The Enquiry Committee analyzed airfares on the major domestic routes of Karachi-Islamabad, Islamabad-Karachi, Karachi-Lahore and Lahore-Karachi. The airfares charged when PIA flight operations were suspended were compared with airfares charged under normal market conditions i.e. the months immediately preceding each strike. The results show that for Airblue on average the change in fares when compared with immediately preceding month ranged from PKR 159 to a maximum of PKR 2,766.

The maximum increase of PKR 2,766 can be attributed to the operation of two special flights between Karachi and Islamabad in the period of 2-4 February. Fares on this flight were higher due to special arrangements made (arrangement of aircraft, crew, fuel etc.) and last minute bookings to facilitate customers of PIA. For Shaheen the change in average airfares when compared with immediately preceding month ranged from a fall of PKR 320 to a maximum increase of PKR 1,933.

While comparing fares charged during annual peak season, in the month of July when demand is at its highest, with the maximum fares charged during the period under review, the Enquiry Committee observed that the fares during the period under investigation were lower than those charged during the peak season. The Enquiry Committee also observed that the average fares of PIA are generally higher than the two private airlines.

It was concluded from the analysis of the data that on the routes examined the increase in airfares was not as exorbitant as was alleged rather the increase was merely due to an increase in demand and the normal operation of the Revenue Management System whereby last minute bookings are charged a higher rate. The Enquiry Committee did not receive any evidence from consumers to substantiate a three-fold increase.

While finalizing its conclusions the Enquiry Committee took into consideration the fact that normal market conditions were restored once the strikes were called off. As per international practices competition agencies refrain from interventions if the market has the ability to auto-correct as has happened in the instant case. Therefore, after a thorough analysis of facts and data before it the Enquiry Committee concluded that no prima facie violation of Section 3 (Abuse of dominant position) of the Competition Act, 2010 was made out.

After reviewing the Enquiry Report the Commission has decided to conduct a comprehensive competition assessment study on the aviation sector. The study will analyze entry barriers, regulatory measures and the possible policy level competition issues in pricing of airfares. It is important to highlight that the Commission can undertake sector studies under Section 37 of the Competition Act, 2010 with a focus to remedy potential competition concerns to allow for maximum competition in the industry leading to better choices and prices for consumers and a level playing field for businesses.

For more information, contact:
Asfandyar Khattak
Director (Media and Communications)
Competition Commission of Pakistan (CCP)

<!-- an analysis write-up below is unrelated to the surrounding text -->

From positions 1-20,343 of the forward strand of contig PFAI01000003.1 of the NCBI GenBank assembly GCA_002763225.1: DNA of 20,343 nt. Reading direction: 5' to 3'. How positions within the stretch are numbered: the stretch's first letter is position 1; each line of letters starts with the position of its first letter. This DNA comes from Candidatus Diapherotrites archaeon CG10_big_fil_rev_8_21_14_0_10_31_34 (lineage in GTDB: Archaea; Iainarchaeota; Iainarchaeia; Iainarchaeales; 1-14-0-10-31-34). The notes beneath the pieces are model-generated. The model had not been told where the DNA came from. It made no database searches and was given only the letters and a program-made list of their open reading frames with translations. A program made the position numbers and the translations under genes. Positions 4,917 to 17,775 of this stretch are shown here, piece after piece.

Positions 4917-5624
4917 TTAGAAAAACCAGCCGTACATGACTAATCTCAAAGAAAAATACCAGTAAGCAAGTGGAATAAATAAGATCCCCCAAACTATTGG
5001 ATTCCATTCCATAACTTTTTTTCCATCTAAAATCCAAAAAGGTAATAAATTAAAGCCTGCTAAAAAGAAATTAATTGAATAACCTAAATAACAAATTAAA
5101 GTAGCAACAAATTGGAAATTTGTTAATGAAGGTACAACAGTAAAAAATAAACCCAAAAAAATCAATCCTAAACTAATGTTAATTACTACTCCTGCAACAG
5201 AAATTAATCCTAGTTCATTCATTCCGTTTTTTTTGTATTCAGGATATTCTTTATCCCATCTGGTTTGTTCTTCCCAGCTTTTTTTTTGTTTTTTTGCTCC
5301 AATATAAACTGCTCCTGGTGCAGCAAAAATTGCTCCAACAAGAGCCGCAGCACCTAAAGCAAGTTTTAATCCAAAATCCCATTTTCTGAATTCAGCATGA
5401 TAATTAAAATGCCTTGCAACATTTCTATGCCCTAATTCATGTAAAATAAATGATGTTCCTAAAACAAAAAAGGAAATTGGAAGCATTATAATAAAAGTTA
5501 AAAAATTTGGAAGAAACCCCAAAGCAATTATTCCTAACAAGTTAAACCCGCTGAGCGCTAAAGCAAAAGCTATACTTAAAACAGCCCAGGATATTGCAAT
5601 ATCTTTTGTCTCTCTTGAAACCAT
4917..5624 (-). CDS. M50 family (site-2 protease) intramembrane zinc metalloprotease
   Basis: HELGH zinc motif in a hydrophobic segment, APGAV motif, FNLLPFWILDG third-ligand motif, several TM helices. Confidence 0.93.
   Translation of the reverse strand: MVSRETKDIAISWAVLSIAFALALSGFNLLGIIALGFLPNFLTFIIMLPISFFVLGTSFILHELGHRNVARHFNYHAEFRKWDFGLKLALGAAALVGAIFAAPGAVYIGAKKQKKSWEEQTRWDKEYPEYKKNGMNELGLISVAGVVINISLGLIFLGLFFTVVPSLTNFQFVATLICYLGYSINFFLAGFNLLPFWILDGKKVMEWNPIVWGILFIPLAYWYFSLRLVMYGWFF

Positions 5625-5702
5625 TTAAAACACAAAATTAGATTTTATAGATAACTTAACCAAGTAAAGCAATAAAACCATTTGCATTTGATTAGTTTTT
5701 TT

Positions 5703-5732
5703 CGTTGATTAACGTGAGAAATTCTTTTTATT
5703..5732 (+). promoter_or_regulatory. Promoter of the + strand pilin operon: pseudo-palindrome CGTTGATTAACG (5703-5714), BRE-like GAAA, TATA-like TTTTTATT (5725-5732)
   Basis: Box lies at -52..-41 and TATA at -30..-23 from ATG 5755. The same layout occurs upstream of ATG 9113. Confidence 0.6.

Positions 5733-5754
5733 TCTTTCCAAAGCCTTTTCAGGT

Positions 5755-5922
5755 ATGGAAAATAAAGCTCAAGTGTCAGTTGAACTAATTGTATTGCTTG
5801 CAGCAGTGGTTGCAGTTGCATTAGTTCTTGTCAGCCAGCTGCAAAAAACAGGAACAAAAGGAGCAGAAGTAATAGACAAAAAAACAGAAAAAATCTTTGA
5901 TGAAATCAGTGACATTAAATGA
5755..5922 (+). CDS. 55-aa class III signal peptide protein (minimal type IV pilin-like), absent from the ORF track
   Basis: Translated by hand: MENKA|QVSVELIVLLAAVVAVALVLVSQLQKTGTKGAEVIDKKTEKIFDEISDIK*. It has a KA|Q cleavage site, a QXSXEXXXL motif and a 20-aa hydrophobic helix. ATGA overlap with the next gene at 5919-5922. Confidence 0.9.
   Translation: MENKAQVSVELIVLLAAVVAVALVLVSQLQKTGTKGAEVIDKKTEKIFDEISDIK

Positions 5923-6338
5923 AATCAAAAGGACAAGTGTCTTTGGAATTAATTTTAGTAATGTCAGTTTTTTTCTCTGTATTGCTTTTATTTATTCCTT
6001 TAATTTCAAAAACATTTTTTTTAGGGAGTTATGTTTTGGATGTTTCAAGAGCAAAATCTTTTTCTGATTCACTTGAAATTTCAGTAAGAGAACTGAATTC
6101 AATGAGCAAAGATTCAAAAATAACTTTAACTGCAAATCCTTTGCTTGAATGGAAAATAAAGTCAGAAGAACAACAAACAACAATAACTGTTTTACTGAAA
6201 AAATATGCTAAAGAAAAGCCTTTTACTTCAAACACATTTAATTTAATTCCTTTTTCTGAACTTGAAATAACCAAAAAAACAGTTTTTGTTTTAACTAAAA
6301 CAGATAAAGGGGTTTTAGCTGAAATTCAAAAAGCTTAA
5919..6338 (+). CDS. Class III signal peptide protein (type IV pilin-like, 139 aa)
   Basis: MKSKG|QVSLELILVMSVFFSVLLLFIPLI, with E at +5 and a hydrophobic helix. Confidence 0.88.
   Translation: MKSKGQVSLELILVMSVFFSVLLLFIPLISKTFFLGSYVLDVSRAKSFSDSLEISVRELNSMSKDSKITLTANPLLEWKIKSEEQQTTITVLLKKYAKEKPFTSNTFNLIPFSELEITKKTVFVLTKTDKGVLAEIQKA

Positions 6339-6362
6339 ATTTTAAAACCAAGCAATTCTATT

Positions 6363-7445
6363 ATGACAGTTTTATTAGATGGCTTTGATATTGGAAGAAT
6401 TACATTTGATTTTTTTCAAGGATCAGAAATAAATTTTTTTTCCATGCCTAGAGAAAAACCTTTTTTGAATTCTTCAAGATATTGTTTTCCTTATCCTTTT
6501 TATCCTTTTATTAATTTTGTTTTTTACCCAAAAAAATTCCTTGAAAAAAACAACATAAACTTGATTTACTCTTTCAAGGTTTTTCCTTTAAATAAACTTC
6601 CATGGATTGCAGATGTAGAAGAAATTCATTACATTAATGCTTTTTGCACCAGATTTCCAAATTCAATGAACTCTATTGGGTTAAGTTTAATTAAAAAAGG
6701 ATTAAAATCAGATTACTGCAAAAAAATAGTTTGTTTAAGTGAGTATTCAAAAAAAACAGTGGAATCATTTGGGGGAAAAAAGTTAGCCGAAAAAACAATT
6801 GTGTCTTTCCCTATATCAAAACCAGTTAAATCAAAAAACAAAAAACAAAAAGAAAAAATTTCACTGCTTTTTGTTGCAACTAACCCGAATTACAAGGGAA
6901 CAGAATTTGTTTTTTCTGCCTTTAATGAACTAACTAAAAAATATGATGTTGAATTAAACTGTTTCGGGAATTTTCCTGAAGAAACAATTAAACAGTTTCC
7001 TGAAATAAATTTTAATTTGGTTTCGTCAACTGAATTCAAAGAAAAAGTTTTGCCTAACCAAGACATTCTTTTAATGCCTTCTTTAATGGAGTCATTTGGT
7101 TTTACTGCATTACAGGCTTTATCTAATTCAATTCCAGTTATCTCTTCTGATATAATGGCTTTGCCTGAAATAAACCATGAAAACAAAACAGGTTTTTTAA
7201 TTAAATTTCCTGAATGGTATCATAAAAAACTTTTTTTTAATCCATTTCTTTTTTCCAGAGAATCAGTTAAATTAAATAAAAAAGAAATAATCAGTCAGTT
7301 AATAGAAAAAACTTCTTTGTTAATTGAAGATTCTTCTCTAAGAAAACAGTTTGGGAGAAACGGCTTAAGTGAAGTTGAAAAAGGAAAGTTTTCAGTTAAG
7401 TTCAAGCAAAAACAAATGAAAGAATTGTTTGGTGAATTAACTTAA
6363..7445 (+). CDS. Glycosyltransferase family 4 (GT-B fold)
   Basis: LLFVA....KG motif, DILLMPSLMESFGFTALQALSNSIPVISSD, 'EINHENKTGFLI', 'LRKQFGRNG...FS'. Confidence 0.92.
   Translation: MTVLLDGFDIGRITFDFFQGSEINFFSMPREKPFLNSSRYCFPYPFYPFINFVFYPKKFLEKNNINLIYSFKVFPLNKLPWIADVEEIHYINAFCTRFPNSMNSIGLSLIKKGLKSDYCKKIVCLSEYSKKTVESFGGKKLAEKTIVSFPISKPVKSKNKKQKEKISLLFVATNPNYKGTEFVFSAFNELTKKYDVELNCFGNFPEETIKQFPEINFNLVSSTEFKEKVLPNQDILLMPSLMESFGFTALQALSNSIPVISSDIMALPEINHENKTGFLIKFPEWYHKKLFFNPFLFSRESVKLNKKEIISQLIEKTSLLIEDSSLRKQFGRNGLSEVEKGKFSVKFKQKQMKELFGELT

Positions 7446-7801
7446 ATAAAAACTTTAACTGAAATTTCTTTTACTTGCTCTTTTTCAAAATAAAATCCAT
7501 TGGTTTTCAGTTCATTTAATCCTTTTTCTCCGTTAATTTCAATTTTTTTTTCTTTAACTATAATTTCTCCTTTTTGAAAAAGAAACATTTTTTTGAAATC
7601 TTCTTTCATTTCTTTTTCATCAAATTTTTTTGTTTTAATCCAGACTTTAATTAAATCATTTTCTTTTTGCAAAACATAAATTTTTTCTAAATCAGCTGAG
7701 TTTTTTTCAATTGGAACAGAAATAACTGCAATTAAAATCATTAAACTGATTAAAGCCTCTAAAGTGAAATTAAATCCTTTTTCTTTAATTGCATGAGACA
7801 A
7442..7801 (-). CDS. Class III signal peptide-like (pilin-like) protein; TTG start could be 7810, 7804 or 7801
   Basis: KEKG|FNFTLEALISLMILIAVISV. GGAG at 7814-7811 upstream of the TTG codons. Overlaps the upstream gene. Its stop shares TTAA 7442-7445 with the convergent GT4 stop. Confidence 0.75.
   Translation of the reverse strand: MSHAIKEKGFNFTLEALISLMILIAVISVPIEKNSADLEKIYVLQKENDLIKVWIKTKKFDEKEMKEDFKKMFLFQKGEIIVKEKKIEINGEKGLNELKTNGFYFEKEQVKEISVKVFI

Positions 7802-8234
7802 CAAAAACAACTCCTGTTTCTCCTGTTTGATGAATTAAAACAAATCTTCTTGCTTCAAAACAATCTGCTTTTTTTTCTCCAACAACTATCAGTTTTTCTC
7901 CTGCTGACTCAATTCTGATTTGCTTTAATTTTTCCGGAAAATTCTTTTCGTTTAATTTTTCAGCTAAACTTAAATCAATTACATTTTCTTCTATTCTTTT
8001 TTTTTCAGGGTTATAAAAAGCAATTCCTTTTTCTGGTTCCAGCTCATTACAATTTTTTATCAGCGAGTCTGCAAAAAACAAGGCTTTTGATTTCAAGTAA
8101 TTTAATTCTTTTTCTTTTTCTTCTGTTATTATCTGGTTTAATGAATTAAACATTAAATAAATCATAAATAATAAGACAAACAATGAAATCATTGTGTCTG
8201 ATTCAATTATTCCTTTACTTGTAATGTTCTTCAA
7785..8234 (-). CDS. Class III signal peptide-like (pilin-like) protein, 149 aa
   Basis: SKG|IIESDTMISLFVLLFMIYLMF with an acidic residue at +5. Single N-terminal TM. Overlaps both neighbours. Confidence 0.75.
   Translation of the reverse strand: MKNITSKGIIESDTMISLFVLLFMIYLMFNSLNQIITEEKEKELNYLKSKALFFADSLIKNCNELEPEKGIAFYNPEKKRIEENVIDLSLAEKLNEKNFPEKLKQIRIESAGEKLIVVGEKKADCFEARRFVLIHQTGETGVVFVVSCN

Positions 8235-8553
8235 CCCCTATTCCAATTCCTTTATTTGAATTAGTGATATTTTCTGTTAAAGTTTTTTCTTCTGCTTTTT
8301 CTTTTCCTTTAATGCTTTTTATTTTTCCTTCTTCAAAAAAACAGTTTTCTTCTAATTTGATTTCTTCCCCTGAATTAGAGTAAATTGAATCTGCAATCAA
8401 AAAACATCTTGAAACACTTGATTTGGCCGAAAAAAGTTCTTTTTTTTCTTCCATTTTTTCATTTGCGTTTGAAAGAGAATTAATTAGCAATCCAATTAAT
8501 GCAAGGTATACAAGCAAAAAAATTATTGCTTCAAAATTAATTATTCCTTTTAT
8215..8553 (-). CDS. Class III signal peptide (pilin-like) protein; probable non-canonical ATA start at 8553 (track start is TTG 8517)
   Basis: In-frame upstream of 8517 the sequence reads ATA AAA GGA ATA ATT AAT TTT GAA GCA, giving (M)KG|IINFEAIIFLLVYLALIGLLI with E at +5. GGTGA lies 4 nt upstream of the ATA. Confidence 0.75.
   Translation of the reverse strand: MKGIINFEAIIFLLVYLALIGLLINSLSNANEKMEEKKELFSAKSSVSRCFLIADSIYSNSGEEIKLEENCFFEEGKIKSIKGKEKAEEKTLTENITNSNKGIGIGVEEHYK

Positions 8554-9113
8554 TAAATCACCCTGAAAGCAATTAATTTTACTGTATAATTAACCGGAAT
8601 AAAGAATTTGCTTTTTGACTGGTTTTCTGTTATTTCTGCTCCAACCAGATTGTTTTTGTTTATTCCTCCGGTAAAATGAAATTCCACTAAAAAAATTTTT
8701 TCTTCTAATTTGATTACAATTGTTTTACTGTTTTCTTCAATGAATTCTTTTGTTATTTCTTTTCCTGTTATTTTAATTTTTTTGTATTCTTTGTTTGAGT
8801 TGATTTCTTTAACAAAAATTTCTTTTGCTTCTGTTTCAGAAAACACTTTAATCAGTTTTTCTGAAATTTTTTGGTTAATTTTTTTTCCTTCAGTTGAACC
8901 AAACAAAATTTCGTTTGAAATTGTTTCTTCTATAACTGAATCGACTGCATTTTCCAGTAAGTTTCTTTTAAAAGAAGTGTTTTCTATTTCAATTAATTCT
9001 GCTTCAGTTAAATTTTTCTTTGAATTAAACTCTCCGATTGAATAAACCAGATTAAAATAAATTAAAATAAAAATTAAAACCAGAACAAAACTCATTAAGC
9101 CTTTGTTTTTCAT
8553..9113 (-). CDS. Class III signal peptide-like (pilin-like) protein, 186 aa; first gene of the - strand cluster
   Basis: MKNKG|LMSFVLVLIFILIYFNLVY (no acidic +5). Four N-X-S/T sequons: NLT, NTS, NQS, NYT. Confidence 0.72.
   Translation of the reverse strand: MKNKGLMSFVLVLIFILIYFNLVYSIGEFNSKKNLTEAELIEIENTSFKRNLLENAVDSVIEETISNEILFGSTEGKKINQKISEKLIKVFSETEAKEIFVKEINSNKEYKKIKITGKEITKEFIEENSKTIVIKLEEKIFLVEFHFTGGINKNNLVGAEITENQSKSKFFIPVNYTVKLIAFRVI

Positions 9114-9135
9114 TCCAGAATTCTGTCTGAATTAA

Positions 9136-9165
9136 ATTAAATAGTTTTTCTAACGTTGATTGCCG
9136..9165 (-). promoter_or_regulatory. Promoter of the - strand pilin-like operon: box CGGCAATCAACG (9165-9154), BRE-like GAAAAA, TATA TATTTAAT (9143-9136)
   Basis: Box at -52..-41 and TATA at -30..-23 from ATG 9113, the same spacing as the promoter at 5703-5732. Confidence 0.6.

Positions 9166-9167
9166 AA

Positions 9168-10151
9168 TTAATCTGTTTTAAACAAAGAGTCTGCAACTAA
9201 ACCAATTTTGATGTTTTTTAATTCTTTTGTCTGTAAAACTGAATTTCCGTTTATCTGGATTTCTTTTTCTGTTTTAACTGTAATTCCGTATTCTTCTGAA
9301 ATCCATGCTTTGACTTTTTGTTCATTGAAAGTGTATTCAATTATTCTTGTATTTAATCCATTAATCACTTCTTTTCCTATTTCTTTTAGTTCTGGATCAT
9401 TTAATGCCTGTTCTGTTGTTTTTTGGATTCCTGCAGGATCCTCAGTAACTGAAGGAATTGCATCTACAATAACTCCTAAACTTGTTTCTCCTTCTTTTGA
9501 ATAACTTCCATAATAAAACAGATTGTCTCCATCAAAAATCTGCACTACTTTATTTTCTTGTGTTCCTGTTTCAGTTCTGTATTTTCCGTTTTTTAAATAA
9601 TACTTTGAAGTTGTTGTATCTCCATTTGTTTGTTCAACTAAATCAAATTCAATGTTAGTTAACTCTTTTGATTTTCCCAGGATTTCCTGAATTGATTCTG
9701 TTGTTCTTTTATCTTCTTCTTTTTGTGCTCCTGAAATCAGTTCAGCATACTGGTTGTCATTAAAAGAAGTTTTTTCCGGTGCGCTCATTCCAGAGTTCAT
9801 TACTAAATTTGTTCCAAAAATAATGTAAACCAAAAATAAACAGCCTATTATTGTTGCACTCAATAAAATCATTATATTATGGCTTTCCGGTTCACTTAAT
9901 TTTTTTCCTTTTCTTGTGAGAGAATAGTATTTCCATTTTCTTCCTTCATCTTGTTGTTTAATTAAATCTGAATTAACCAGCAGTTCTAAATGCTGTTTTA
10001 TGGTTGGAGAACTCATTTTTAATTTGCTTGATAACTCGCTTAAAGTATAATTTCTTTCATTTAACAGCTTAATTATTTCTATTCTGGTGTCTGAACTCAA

7th Floor South, ISE Towers,
55-B, Jinnah Avenue, Islamabad, Pakistan
Tel: +92-51-9100260-3, +92-51-9100256
Fax: +92-51-9100251
Email: akhattak@cc.gov.pk
Website: www.cc.gov.pk

Competition Commission of Pakistan imposes penalties over Rs 26 billion in 8 years to ensure free competition in economy: Member

Sargodha, December 23, 2015 (PPI-OT): The Competition Commission of Pakistan (CCP) has imposed total penalties of over 26 billion rupees on different undertakings for various violations of the Competition Law since 2007, aimed to protect consumers from anti-competitive practices and restore and ensure free competition in the country’s economy.

This was stated by CCP Member Cartels and Trade Abuses and Legal, Ikram Ul Haque Qureshi, while addressing a seminar at the Sargodha Chamber of Commerce and Industry (SCCI), jointly organised by CCP and SCCI as part of the National Road Show on Competition Law. The seminar was also addressed by Shahzad Ansar, Member Office of Fair Trade (OFT) and Advocacy, Mukhtar Mirza, President SCCI, Muhammad Shakir Naveed, Senior Vice President SCCI, Amjad Javed, Vice President, Asfandyar Khattak, Director Advocacy CCP, members of the executive council and general body of SCCI and the business community in large number.

Mukhtar Mirza, President SCCI, in his welcome speech highlighted certain competition issues in the area and requested CCP to take action to restore competition. He urged the business community to fully understand the provisions of the Competition Act and improve compliance. He requested CCP for holding more such seminars as there was a dire need to create awareness of the law.

Ikram Ul Haque Qureshi briefed the participants about the competition regime in Pakistan and explained the substantive provisions of the Competition Act, 2010. He said that the purpose of the Competition Act is to ensure free competition in all spheres of commercial and economic activity and CCP is authorized to take action against anti-competitive activities such as abuse of dominance, prohibited agreements and deceptive marketing. “The purpose of imposing these restrictions is to ensure free competition among firms,” he said.

He further said that anti-competitive activities not only distort competition in the market, it also harm consumers’ interests and inflict losses to the national economy. Shahzad Ansar, Member CCP in his presentation on the Office of Fair Trade (OFT), said that the Competition Act protects the consumer from deceptive marketing practices adding that the Competition Act forbids false and deceptive claims having no reasonable basis and the fraudulent use of the trademarks of other undertakings. He said that deceptive marketing practices not only harmed the end consumers but also the businesses who might lose their genuine market share due to fake advertising by others.

For more information, contact:
Asfandyar Khattak
Director (Media and Communications)
Competition Commission of Pakistan (CCP)
7th Floor South, ISE Towers,
55-B, Jinnah Avenue, Islamabad, Pakistan
Tel: +92-51-9100260-3, +92-51-9100256
Fax: +92-51-9100251
Email: akhattak@cc.gov.pk
Website: www.cc.gov.pk